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The last two names are reversed by some authors. The name choree, which simply means a foot used in choric metre, is most commonly a synonym for trochee, but sometimes for pyrrhic or tribrach. Ruskin uses trochee as a substitute for pyrrhic.

Feet of more than three syllables may be treated as combinations of the above. Thus a choriamb (-~~-) is a trochee

is a veritable crux to prosodists. Dr. Abbott scans a particular line in Tennyson's "Idylls" one way, and the poet promptly repudiates the scansion. Prof. Mayor finds iambs2 where the scheme of metre requires spondees, and trochees where most readers will prefer to detect iambs. Indeed, the untutored reader as well as the expert will often be at a loss to say why a particular sequence of syllables should be classed as one "foot" rather than another. Such nebulousness of result is surely proof of failure in the working of any theory.

To what is this failure due? A full answer to this question would involve exhaustive analysis of the nature and function of accent or "stress." Such analysis might probably reveal undue narrowness and artificiality in the definitions of our schools, and in my belief would exhibit English accent as compounded usually of both stress and tone, while duration of sound shows a strong inclination to keep the others company. But it is needless to wade in such deep waters. A sufficient answer will perhaps be found if we assume-as for practical purposes it

(choree) followed by an iamb. English writers rarely refer to these, and the feet most frequently mentioned are spondee, iamb, trochee, tribrach, anapaest, and dactyl.

1 Philological Society's "Transactions," 1873-1874, p.


2 The references are to Prof. Mayor's "Chapters on English Metre" (first edition, 1886), where (p. 123) only iambs and anapaests are recognized in the first line of Tennyson's "Alcaics," and (p. 188) five trochees are said to exist in a line from "Enoch Arden." The new edition (1901) retains these passages unaltered.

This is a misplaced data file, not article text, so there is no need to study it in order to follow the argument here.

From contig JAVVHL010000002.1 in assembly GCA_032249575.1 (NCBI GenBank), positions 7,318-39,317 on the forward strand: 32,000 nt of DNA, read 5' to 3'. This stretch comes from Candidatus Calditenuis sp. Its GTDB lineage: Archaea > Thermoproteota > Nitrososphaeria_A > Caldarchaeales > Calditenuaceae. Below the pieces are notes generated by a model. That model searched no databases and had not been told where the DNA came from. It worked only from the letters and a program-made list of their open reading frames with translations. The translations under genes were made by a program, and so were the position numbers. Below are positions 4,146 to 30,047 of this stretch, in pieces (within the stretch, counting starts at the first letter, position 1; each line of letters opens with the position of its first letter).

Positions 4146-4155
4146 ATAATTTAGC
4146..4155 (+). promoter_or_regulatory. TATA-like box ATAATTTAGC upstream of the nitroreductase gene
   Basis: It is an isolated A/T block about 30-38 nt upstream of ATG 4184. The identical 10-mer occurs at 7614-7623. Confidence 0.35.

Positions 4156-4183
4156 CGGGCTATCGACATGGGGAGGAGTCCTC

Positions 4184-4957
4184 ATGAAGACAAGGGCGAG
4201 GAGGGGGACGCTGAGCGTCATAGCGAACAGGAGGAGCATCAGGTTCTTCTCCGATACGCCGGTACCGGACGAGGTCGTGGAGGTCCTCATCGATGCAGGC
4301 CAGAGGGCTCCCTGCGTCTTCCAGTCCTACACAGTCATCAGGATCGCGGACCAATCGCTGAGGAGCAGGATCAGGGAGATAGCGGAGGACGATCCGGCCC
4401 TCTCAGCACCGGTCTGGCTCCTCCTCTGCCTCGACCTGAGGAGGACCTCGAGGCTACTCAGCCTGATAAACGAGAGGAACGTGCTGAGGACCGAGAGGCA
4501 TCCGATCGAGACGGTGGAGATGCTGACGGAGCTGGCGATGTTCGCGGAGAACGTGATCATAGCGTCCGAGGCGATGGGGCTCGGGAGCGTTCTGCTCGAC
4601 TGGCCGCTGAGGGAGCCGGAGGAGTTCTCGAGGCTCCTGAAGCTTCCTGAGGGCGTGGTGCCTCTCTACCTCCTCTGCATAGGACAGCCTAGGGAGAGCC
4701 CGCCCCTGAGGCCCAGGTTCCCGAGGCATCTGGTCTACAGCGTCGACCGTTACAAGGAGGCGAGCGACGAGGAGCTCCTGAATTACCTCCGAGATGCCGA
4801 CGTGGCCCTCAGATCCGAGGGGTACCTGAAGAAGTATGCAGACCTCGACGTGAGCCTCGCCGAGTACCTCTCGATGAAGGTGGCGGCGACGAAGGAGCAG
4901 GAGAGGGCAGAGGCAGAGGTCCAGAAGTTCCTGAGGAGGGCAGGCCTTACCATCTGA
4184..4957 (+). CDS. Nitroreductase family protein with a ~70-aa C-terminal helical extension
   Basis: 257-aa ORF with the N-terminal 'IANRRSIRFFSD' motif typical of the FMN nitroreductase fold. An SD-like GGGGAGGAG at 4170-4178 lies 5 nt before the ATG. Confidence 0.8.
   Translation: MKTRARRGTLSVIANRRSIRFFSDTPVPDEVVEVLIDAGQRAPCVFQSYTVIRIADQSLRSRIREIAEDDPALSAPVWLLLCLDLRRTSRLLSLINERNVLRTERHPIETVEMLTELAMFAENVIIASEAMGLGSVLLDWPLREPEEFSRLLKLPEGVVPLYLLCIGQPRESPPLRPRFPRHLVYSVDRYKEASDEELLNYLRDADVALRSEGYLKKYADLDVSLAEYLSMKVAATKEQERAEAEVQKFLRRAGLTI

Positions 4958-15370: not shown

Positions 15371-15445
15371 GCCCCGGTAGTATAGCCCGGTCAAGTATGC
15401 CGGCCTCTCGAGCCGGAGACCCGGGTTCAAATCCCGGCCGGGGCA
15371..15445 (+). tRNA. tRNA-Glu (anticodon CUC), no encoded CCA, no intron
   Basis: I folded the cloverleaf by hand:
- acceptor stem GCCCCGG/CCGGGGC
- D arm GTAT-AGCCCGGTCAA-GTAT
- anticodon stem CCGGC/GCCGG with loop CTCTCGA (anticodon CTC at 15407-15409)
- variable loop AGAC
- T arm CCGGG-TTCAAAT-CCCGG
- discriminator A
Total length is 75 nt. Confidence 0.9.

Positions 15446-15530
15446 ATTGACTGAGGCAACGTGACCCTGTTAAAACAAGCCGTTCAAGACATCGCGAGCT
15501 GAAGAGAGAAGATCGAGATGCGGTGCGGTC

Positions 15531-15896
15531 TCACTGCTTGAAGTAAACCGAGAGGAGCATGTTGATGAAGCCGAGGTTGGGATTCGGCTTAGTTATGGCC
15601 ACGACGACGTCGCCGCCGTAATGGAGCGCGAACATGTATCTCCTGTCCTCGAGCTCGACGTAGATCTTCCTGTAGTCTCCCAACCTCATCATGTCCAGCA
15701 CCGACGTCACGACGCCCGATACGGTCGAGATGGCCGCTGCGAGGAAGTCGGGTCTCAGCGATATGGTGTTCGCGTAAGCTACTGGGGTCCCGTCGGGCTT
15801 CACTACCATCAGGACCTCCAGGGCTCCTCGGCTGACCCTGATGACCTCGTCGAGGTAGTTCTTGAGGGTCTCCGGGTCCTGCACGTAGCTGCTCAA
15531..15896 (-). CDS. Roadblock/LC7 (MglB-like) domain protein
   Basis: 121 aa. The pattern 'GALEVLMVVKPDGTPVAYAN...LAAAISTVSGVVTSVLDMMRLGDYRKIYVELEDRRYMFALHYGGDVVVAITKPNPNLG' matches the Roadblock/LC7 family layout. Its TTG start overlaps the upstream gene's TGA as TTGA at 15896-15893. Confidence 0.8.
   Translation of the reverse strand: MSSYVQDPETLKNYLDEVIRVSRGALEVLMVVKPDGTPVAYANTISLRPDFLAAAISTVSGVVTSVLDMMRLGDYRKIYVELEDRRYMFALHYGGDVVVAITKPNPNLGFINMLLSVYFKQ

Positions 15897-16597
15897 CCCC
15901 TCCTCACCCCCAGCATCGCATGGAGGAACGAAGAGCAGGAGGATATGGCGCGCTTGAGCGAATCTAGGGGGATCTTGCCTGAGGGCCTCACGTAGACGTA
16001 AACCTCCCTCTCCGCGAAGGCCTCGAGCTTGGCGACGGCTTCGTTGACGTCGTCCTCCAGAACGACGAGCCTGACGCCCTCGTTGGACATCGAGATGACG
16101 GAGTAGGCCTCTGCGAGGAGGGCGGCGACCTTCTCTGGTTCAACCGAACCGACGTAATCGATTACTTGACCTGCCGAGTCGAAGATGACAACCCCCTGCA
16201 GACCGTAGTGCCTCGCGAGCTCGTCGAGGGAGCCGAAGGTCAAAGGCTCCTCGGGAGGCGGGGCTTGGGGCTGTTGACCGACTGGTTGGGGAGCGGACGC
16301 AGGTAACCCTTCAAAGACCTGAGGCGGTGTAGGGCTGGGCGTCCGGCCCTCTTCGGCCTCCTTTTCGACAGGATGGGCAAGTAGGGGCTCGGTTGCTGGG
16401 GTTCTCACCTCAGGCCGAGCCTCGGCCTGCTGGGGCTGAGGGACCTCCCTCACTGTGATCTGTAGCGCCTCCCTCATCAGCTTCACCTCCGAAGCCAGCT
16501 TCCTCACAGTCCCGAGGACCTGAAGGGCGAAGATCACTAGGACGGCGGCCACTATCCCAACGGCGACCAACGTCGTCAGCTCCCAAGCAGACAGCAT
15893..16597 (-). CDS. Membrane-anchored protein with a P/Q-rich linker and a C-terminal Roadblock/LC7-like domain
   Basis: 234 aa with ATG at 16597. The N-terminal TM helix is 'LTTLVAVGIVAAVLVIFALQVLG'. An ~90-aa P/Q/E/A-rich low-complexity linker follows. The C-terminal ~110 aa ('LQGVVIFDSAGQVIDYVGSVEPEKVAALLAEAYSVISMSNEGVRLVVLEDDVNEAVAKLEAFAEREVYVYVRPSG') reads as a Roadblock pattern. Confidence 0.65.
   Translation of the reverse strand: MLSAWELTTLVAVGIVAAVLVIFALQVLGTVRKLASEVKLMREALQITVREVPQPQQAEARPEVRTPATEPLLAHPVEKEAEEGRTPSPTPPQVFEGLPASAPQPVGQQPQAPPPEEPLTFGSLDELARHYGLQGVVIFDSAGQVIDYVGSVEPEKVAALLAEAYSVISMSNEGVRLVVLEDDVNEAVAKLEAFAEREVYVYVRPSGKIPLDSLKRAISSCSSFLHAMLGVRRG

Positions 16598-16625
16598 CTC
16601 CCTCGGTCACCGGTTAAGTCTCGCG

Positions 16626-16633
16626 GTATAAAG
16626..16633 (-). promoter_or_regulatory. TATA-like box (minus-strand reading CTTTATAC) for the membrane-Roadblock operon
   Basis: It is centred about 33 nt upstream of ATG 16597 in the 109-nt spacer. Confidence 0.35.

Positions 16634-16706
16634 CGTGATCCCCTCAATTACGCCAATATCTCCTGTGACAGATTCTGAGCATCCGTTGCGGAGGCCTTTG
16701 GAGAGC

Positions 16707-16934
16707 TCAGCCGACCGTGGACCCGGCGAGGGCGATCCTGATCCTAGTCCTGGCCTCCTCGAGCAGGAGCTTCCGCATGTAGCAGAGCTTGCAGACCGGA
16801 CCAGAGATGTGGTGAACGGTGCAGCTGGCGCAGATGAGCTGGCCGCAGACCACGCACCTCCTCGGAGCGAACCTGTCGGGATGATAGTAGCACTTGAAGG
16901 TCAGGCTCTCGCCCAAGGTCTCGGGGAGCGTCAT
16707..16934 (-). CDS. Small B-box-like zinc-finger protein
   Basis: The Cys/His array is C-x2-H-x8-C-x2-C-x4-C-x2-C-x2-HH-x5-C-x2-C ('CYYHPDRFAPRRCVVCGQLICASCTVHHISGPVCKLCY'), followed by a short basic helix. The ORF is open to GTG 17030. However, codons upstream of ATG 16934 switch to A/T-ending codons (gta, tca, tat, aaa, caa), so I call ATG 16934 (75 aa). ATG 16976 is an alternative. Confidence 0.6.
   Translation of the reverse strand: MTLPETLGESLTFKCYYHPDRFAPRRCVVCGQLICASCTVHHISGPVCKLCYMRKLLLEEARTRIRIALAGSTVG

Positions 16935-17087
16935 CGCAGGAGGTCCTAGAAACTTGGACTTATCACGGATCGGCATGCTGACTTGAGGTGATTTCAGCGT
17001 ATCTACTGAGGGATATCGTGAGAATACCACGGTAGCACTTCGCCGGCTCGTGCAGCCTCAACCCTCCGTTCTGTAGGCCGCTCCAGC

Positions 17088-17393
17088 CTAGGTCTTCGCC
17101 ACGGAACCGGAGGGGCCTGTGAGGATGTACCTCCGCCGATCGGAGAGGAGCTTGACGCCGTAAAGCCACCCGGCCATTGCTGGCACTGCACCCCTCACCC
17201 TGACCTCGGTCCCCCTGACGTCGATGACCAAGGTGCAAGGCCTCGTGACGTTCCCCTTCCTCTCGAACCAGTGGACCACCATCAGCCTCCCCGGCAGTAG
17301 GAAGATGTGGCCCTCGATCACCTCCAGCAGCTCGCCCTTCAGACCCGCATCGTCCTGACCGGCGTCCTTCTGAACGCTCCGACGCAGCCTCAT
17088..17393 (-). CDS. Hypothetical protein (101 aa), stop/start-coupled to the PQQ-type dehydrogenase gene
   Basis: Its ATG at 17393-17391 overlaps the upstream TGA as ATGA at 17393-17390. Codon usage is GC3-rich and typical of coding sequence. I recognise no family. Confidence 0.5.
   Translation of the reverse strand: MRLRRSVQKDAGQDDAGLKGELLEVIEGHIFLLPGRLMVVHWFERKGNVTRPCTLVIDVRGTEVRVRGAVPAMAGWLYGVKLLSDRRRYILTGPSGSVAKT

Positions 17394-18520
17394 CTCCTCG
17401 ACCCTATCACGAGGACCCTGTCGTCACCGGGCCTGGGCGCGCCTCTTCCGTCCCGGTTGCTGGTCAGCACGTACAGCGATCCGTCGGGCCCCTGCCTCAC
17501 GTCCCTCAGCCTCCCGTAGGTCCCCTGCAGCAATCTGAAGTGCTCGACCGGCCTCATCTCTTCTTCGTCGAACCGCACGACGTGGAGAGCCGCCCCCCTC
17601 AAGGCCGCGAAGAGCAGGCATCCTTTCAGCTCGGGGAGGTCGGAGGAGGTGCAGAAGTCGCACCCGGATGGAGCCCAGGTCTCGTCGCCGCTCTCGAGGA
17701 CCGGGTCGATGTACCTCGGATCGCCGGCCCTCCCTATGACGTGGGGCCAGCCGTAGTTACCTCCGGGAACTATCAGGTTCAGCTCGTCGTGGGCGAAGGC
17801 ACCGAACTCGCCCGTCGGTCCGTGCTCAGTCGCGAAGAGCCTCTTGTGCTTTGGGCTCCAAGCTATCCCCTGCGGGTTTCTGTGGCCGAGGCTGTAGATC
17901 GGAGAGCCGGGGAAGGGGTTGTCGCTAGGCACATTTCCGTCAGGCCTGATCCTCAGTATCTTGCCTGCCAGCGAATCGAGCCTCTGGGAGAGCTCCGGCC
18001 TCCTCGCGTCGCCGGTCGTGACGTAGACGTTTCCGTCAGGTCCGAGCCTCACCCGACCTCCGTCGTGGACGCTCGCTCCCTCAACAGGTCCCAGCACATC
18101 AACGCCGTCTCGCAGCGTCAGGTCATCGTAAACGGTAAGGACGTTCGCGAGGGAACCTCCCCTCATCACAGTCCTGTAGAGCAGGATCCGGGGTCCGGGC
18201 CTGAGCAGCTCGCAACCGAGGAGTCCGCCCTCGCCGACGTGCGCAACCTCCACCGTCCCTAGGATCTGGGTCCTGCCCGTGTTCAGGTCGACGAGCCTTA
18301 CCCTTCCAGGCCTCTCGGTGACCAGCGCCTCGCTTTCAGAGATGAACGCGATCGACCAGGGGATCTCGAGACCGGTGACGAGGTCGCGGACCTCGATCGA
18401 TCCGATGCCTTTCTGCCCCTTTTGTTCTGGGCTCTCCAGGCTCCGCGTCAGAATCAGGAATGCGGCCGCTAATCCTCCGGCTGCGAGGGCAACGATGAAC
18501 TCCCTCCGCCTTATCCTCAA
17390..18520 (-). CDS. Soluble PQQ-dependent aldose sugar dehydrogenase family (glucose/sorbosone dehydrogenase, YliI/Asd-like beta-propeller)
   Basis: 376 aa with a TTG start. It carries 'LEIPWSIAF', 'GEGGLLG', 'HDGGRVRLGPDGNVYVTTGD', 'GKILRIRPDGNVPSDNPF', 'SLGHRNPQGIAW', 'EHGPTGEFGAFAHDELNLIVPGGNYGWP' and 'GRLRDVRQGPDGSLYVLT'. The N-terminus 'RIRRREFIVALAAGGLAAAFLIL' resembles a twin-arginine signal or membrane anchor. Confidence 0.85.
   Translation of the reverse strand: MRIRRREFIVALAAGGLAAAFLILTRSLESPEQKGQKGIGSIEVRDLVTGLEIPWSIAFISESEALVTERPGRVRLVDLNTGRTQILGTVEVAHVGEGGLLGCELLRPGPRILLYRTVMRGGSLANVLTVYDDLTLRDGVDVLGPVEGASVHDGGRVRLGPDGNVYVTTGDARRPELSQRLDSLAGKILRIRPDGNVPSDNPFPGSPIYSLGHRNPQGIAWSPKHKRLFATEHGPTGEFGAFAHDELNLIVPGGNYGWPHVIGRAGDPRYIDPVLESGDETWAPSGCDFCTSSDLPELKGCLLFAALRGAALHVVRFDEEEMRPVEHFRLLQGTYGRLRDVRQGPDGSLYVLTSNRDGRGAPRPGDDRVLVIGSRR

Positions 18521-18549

seems safe to do that accent is the emphasis,1 however produced, which selects one or more syllables out of a group of syllables, one or more words out of a group of words. This distinction at once suggests a difference. Roughly speaking, the accent we put on syllables is constant, that we put on words variable. When we pronounce the word "lonely," we always accentuate the first syllable; when the word "alone," always the second. But such fixed accent is a small part only of our speech-cadence. Over and above this, there is the grouping of a sentence, the weight we put on words according to their meaning, "logical accent" if we like so to term it. This is variable, uncertain, differing in different speakers, or in the same speaker according to his mood. Without reflection, one hardly realizes how vital this is, even in common talk. Think of the significance given by tones of anger, scorn, complaint, affection, interrogation, exclamation. It is often less what we say, than how we say it, that matters. This accent can override the other, can reverse the word-accent, as when we say "to bear and forbear," "to please or displease," and so on. Logical accent moulds our speech as a potter his clay. Englishmen are said to use it less than most, but a single sentence pronounced with only syllable-accent will show how widely that differs from normal utterance. The

Emphasis and accent are distinguished by some critics. Their application may differ, the former being concerned chiefly with sentences; but their physical constitution is surely identical. Are they not merely two names for one thing?